Archive | January, 2012

Will Patient Reported Data Augment Claims Based Models?

On the one hand, it seems fairly obvious that patient reported data (use of OTCs, exercise, food intake) is important in understanding their healthcare.  On the other hand, the historical bias has been to use historical claims to predict future costs.  At a minimum, I think that studies around tools like PAM (Patient Activation Measure) have shown that patient reported information is important in understanding their literacy and attitudes on healthcare.  This data is critical in designing effective healthcare engagement programs.  [One of the reasons that Silverlink has stressed our focus on using data for segmentation and personalization for years.] 

That’s why I found one of the latest studies by Kaiser to be really important.  They used both claims data and patient reported data to evaluate inpatient admission rates and costs.  And, as explained below, this data increased the predictive power of their model. 

The research determined that self-reported information about being in poorer health was a key determinant in predicting higher inpatient admissions and for being in the top tier for costs. Higher admission rates and costs were associated with patients who self-reported:

  • Lower score for general self-rated health
  • Yes to “do you need help with one or more activities of daily living?”
  • Yes to “do you have a bothersome health condition?”

The addition of this self-reported information to a claims history model explained an additional 2.8 percent of variance in admissions and 4 percent in cost.

Should You Be An “Imovator”?

Innovation has been a hot buzz word for the past few years.  The question is always whether to be on the bleeding edge (i.e., an innovator) or a fast follower.  I like the word “imovator” from a July 10th, 2010 Time article on the two business books – Different versus Copycats. 

Many people will tell you that we’ve tried that before or list all the reasons why something won’t work.  It’s never easy to be innovative.  At the same time, you don’t want to be innovative without a purpose.  There has to be a business value to justify the time and investment. 

One easy way to do this is to monitor your competition and simply make what they do better and less expensive.  This fast follower strategy has worked for many people.  They let the competition come up with an idea than execute on it better without having all the upfront investment. 

One of the examples in the article was Walmart.  Sam Walton didn’t invent the discount store, but he certainly figured out how to do it better and scale it.  So, as you think about 2012, what are your strategies for innovation and imovation? 

I personally find focusing on the whitespace between different products to create opportunities.  Look at how consumers use your products.  Look at the choices in the market.  There are often niches which can be grown to create opportunities.  The key is identifying those and creating something that is sustainable in terms of differentiation.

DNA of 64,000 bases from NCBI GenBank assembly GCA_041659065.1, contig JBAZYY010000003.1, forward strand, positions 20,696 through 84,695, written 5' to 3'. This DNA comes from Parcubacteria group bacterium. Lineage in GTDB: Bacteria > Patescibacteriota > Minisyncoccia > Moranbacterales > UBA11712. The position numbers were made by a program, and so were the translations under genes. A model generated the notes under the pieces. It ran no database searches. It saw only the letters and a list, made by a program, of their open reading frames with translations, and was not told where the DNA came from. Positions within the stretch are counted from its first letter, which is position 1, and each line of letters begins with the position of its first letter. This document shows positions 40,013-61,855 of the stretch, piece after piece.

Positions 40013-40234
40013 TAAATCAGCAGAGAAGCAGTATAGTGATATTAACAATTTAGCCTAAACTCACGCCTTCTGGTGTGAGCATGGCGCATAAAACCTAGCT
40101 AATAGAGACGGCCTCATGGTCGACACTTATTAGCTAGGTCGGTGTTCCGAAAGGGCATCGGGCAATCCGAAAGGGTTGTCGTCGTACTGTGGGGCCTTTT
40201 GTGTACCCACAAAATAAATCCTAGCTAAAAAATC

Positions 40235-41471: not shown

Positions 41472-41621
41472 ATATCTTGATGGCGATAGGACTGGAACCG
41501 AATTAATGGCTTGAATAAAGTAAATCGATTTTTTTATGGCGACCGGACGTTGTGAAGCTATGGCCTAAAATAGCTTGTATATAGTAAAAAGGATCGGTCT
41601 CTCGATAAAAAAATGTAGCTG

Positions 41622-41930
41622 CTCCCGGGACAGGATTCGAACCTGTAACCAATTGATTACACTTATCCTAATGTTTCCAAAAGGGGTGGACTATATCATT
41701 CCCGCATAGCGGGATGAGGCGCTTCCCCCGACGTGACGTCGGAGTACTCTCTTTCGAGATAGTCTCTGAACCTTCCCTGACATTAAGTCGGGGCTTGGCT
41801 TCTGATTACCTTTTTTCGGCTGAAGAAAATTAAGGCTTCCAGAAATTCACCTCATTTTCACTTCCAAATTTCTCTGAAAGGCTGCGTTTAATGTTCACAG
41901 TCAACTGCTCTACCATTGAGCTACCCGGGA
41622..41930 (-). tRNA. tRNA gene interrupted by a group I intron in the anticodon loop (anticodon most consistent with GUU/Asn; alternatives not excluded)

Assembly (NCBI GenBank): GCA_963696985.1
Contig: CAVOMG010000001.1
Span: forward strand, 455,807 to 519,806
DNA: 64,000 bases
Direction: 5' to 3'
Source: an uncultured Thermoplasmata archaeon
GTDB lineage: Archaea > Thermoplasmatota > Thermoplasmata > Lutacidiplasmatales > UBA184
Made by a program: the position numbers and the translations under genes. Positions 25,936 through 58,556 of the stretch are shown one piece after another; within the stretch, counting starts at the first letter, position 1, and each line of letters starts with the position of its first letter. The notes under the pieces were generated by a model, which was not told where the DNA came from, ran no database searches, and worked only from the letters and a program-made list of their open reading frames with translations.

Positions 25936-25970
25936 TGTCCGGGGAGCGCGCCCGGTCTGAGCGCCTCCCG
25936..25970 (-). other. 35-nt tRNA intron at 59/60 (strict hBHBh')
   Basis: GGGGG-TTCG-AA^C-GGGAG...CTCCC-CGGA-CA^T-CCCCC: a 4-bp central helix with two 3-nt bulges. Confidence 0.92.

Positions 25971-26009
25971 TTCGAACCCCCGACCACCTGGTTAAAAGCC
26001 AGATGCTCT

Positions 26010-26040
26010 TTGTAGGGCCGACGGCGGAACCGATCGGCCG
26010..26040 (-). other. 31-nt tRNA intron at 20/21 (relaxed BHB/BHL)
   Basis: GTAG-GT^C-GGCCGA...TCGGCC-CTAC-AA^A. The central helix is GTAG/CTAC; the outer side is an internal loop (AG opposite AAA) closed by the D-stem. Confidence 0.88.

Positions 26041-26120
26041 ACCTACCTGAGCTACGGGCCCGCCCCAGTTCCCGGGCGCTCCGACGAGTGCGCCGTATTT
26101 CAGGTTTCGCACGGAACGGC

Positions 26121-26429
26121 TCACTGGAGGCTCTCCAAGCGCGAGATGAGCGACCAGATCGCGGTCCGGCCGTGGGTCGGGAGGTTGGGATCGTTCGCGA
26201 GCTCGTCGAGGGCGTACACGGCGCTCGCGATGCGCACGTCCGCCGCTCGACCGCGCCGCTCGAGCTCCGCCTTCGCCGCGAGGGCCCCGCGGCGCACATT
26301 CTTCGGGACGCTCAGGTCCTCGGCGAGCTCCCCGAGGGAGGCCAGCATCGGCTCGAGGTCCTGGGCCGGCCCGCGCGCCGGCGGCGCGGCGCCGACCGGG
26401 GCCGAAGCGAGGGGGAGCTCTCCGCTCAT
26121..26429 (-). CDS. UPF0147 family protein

Good Health Is More Than Skin Deep

In the July 11th Time Magazine, there was a small article which I think made a great point – you can be lean and still be at risk for heart disease and diabetes due to fat.  What you can’t tell by weight and appearance is the person’s genetics.  Apparently, international researchers have found a specific variant of a gene that regulates where and how fat is stored.  People with the “lean gene” were storing fat deeper in the body around organs and in tissues.  This visceral fat is more dangerous and can impair bodily functions. 

So…the key point is that even healthy looking people need to monitor their cholesterol and glucose levels.  (I guess those advertisements for high cholesterol drugs were right!)

Does Duration Of Team Matter In Business As In Sports?

One thing that I often think about is the amount of change in the teams within rapidly growing companies (e.g., many PBMs). Does this have an effect on internal knowledge, productivity, and therefore success? It’s a great question. With that in mind, I found the infographic below very interesting.

At the same time, I looked back a few years to see how much change there has been in the management teams at each of the largest PBMs (Medco, Express Scripts, and CVS Caremark).  [Honestly, it was less change than I had expected, and I didn’t look at average age since I’m not sure that’s a great proxy in business while it may be in sports.]

  • At Express Scripts, 7 of the 10 people listed on the website have been there that entire time.  Most of them in their current roles. 
  • At CVS Caremark, 6 of the 10 people listed on the website have been there that entire time althought there has been more movement across roles. 
  • At Medco, 14 of the 16 people listed on the website have been with Medco that entire time and the two others might have also but their start date wasn’t listed in their bio. 

So maybe more change is needed?  Certainly with the changes in the market dynamics, there is always a need for bringing in a fresh perspective…at the same time, the PBM industry is complex and continuity given long-term contracts is important. 


by visually via


Infographic: New Year’s Resolutions

I’m not a big New Year’s Eve fan.  I much rather start the new year refreshed and beginning to think about my goals for the next year.  While I used to do a very rigorous 1, 3, 5, and 10-year plan every New Year’s Day, I’ve been a little slack lately.  I’m going to try to be better this week and at least get some 1 and 5-year personal and professional goals captured. 

With that being said, I liked this infographic from  It’s relevant if you think in terms of prescription adherence. 

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